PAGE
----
What does your voice trigger in people?  What words to you use that are repelling people?  The way you package your words and how you say those words can create energy, excitement and vision.  The right words will captivate and the wrong words will devastate.  The right words in the right tone can help you create a connection and you will become more influential.  Your voice must be interesting and easy to listen to in order to help, rather than hinder, your ability to gain charisma and influence others.

Tuesday, October 19, 2010

5 Questions with Eric Zweig', Author of Twenty Greatest Hockey Goals

Which goal is your favorite from the list?

I think the GREATEST moment in the book is Paul Henderson's Goal in 1972, which I watched in school in grade four. It's harder to pick my favourite, though! Maybe either one of Wayne Gretzky's (breaking Espo's record in 1982 or scoring against Calgary in 1988), Mario Lemieux's in the 1987 Canada Cup, or Darryl Sittler's in the first Canada Cup in 1976. The U.S. "Miracle on Ice" was pretty great too.

Have you gotten any reaction from fans on what they think of the list?

There hasn't been much time yet to get fan reaction. The fans who called in when I was interviewed on the 590 recently offered many of their own most memorable moments, and I'm glad to say that most of them were on my list!

Which goal almost but just barely didn't make the list?

There were sort of two ... which kind of explains why neither made the list because I couldn't decide which one should! One was Mark Messier's hat trick for the Rangers against the Devils in Game 6 of the Eastern Final in 1994 after he "guaranteed" the Rangers would win. But, I couldn't decide if that was bigger, or if Stephan Matteau's that actually won the series in double overtime in Game Seven was the one I should actually use. They sort of canceled each other out, I guess.

What's most prettiest goal off the list?

The out-and-out prettiest is probably Peter Forsberg's shootout goal to win the 1994 Olympic gold medal. Bobby Orr's Stanley Cup winner in 1970 was a nice play, and, of course, has that great picture! Wayne Gretzky's OT goal against Calgary in 1988 was a perfect shot.

Who's the most clutch goal scorer you've ever seen?

Mike Bossy scored some big goals and was a great scorer. You always felt like Wayne Gretzky would come through when it mattered most. But, given that I grew up in Toronto, I think Doug Gilmour's performance throughout the entire 1993 playoffs was probably the grittiest performance I've ever seen over an extended period of big games.

5 Questions with Jim Gray, author of "How Leaders Speak"


What's the biggest mistake a lot of new leaders make when they speak?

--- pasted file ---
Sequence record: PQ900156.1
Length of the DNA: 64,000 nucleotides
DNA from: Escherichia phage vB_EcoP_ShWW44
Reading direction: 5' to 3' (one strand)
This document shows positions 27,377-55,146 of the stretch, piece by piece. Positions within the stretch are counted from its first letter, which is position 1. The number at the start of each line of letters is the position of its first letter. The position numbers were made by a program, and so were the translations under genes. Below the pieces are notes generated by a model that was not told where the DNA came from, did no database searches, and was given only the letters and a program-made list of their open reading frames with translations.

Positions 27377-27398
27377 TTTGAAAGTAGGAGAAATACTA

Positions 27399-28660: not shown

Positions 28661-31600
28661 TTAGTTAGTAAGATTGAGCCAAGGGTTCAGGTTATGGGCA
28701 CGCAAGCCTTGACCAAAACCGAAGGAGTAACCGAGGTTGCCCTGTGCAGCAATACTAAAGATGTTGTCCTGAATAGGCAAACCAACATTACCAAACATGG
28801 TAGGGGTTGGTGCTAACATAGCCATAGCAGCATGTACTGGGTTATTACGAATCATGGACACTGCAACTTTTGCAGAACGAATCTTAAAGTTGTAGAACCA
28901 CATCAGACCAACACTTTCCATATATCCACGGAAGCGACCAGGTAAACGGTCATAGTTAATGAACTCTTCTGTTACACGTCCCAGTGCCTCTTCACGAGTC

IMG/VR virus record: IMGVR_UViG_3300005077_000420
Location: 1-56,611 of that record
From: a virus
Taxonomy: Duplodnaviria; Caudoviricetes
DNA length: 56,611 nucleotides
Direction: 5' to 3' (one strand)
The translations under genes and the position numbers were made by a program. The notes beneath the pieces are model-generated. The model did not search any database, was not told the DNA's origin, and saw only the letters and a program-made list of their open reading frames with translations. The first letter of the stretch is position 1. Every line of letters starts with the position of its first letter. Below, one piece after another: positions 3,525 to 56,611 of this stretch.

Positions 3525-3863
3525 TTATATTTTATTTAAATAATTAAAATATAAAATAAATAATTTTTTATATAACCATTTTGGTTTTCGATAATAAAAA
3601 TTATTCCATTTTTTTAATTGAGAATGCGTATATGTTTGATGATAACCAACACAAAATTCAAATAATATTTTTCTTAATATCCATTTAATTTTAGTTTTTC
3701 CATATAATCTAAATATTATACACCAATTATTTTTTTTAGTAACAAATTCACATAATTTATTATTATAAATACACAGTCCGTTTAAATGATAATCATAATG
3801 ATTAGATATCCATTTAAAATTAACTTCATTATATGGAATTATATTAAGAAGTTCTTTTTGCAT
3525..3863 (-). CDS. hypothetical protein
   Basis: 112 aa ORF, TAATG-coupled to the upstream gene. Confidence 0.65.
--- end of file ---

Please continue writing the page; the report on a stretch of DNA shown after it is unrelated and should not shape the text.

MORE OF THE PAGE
They put far too much pressure on themselves. They try to be perfect, and there’s no perfection when it comes to communicating with others. The best thing new leaders can do — anyone, really — is to focus on the audience. Serve your listeners with excellence and humility, and you can’t go wrong.

What do you think makes a great speaker?

Authenticity. Audiences can spot insincerity and self-obsession a kilometre away, and they loathe it. Listeners want speakers who are real, who can share something meaningful and personal about themselves. We’re all human. We’ve all made mistakes. Leaders who relate where they went wrong in the past don’t lose respect, they gain it.

Who's the best speaker you've ever seen?

Ron Ellis, the former Toronto Maple Leaf star.

What's the best speech you've ever seen made?

I saw Ron speak on the subject of mental illness at a reception in Toronto in January, 2001. To this day, it remains the best speech I’ve ever heard. It was stunning. Ron has suffered from depression, and told his story in a quiet, dignified way, without any trace of self-pity or self-aggrandizement. The speech was more like a conversation, which is what all great presentations are like. Ron made it about his listeners. When he spoke, we were absolutely still, transfixed. I’ll remember that speech to my dying day.

What's a quick way or quick tip you have for someone to improve the way they speak?

Do three things:

  1. Learn the first 90 seconds of your presentation cold, so you can concentrate on your relationship with your listeners and get off to a nice, relaxed start.
  2. Speak slowly, especially in the early going. You’ll look smarter.
  3. Have fun. It’s a privilege to address others openly in a democratic society. Celebrate it. Honour it.

5 Questions with Adam Fergusson, author of WHEN MONEY DIES

What was behind naming the book "When money dies?"
In 1923 when the German mark had depreciated from 4.2 to the dollar to 4,200,000,000,000, that currency was effectively dead.  the title "When Money Dies" is deliberately in the present tense because the lessons which the German hyper-inflation teaches us about safe-guarding the value of our money still apply today.  (The title's initial letters WMD have nothing to do with Weapons of Mass Destruction, devastating as inflation can be!)